I have to say I’m at 50/50 on this one. On one hand I don’t want 80 year olds flying around without a proper check of thier health (that goes for driving as well btw) if anything I would increase control over old people just to keep everyone safe… Vision, coordination, it all degrads when we get old. On the other hand, preventing a person with prostate cancer to fly is down right stuipd, it has no effects on his ability to control the plane, So, as I said, I’m smack on the fence.

    • Frank Trojcak
      Frank Trojcak says:

      One of these days your going to be 80 and I hope older!….. I’m 85 and have been flying since 16 in all types of aircraft including the fastest Jet Fighters the USAF had as well as instructing in them. I also have spent a lot of time in large Transports (4-Eng) and instructed in them. Having retired several years ago I found myself with Atrial Fibrillation and a Pacemaker Implant (Non-Defibrillator) for the past 9 years. Twice a year I take the required test with my Electrologist/Cardiologist and forward the paperwork to FAA Plus an FAA Medical Examiner. All this cost me excessive time and funds which I gladly pay just to keep flying my 310 and 182. I’ve never had an accident/incident or a stroke or heart attack. My Doctor indicates that I’m healthier than 90% of the people out there. I have no restrictions and with 20/20 eyesight I also take no prescription medication. Now your worried I might have a problem. Well friend I think your closer to having a problem than I. Better see your Medical Examiner two times year so you don’t give some 80+ person flying in the same air you are!..
      Yes, I welcome the new requirement but want the same for my problem as everybody else. The requirement for all pilots is: If you don’t feel good stay on the ground or go see your doctor!……………………………….. It would probably keep the accident rate lower than it is.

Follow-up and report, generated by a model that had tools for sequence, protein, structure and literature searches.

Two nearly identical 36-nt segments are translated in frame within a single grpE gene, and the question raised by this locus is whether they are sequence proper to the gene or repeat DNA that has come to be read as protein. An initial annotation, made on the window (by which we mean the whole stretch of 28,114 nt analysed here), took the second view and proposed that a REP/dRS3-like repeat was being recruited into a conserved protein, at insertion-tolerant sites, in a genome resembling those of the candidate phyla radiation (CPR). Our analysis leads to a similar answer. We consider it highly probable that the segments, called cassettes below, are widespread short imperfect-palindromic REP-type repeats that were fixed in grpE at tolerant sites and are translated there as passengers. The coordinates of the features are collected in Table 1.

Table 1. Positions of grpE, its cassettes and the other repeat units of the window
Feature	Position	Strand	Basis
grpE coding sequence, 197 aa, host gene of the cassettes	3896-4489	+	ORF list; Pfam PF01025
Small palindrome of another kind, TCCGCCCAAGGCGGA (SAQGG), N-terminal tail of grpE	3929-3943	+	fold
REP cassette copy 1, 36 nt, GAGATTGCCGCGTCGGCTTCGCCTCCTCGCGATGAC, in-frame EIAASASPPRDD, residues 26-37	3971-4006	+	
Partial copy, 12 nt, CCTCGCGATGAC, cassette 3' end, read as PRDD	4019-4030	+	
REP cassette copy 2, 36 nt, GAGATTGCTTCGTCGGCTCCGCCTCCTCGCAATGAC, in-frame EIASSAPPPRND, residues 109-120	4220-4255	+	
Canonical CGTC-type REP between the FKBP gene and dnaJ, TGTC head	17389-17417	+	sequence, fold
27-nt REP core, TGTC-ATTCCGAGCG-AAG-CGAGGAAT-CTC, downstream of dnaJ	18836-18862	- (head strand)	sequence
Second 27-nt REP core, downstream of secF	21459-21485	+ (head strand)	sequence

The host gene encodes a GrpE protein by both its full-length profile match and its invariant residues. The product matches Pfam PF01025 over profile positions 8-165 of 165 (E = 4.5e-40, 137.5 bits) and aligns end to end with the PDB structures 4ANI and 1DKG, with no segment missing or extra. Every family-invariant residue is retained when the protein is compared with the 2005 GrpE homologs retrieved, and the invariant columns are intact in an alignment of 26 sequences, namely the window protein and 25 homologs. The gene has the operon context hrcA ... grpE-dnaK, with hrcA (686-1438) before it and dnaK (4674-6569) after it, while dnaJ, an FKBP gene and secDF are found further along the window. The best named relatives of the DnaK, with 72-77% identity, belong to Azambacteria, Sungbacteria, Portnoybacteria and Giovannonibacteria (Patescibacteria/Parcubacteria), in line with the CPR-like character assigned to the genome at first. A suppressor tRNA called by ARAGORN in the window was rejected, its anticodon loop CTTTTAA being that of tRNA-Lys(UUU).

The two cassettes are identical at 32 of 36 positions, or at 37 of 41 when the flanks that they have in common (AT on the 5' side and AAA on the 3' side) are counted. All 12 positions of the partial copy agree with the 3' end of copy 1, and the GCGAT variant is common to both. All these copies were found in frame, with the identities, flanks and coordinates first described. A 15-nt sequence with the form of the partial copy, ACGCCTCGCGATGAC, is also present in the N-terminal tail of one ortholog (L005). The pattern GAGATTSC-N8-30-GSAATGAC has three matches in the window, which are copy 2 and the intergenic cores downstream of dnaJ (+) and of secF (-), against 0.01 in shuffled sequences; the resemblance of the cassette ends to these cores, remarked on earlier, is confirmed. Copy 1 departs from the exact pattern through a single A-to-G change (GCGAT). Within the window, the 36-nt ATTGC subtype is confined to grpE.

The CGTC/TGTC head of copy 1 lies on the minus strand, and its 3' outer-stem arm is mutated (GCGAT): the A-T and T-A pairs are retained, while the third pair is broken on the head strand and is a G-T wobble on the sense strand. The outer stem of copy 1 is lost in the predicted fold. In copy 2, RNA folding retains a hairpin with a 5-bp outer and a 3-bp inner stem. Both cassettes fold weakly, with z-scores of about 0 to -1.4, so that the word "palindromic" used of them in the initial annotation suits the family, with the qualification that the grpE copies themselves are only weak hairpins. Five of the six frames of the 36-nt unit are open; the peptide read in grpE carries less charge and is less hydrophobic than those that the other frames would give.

3. David Reinhart
    David Reinhart says:

    The recent deaths of airline pilots while in-flight point out the unreliability of medical exams, even at six month intervals, as predictors of in-flight incapacitation. The Third Class is a complete joke. It should have been off the books years ago. The huge amount of time and money the FAA puts into processing SIs is wasted and could be put to much better use.

  4. Sami
    Sami says:

    Anyone who can reasonably fog a mirror can get a drivers license. Earning your PPL requires a considerable commitment in time/money/effort that has stopped even well-heeled people from even trying. So, being something one must strive to earn and requires a passion to exercise the privilege thereof, most pilots will self regulate. I, myself, have temporarily self-grounded due to a non-incapacitating injury but which required temporary medication that mildly affected my abilities. I have also skipped flights because I just didn’t feel right. I believe most responsible pilots do the same. And the irresponsible ones, well, failing a Class III wouldn’t stop them anyway. I respect the gift of flight enough to promise myself and my loved ones that I will ground myself when I am no longer able to safely exercise the privilege. That way I can sit around and hangar fly with the old ones at the airport and also tell my grandkids about my flying days instead of someone else telling my stories for me. I believe, from those I have met in The Community, that the majority are of the same mind. And the rogues, well, they are just that, rogues and the requirement of a Class III won’t stop them. I say pass the bill and move on.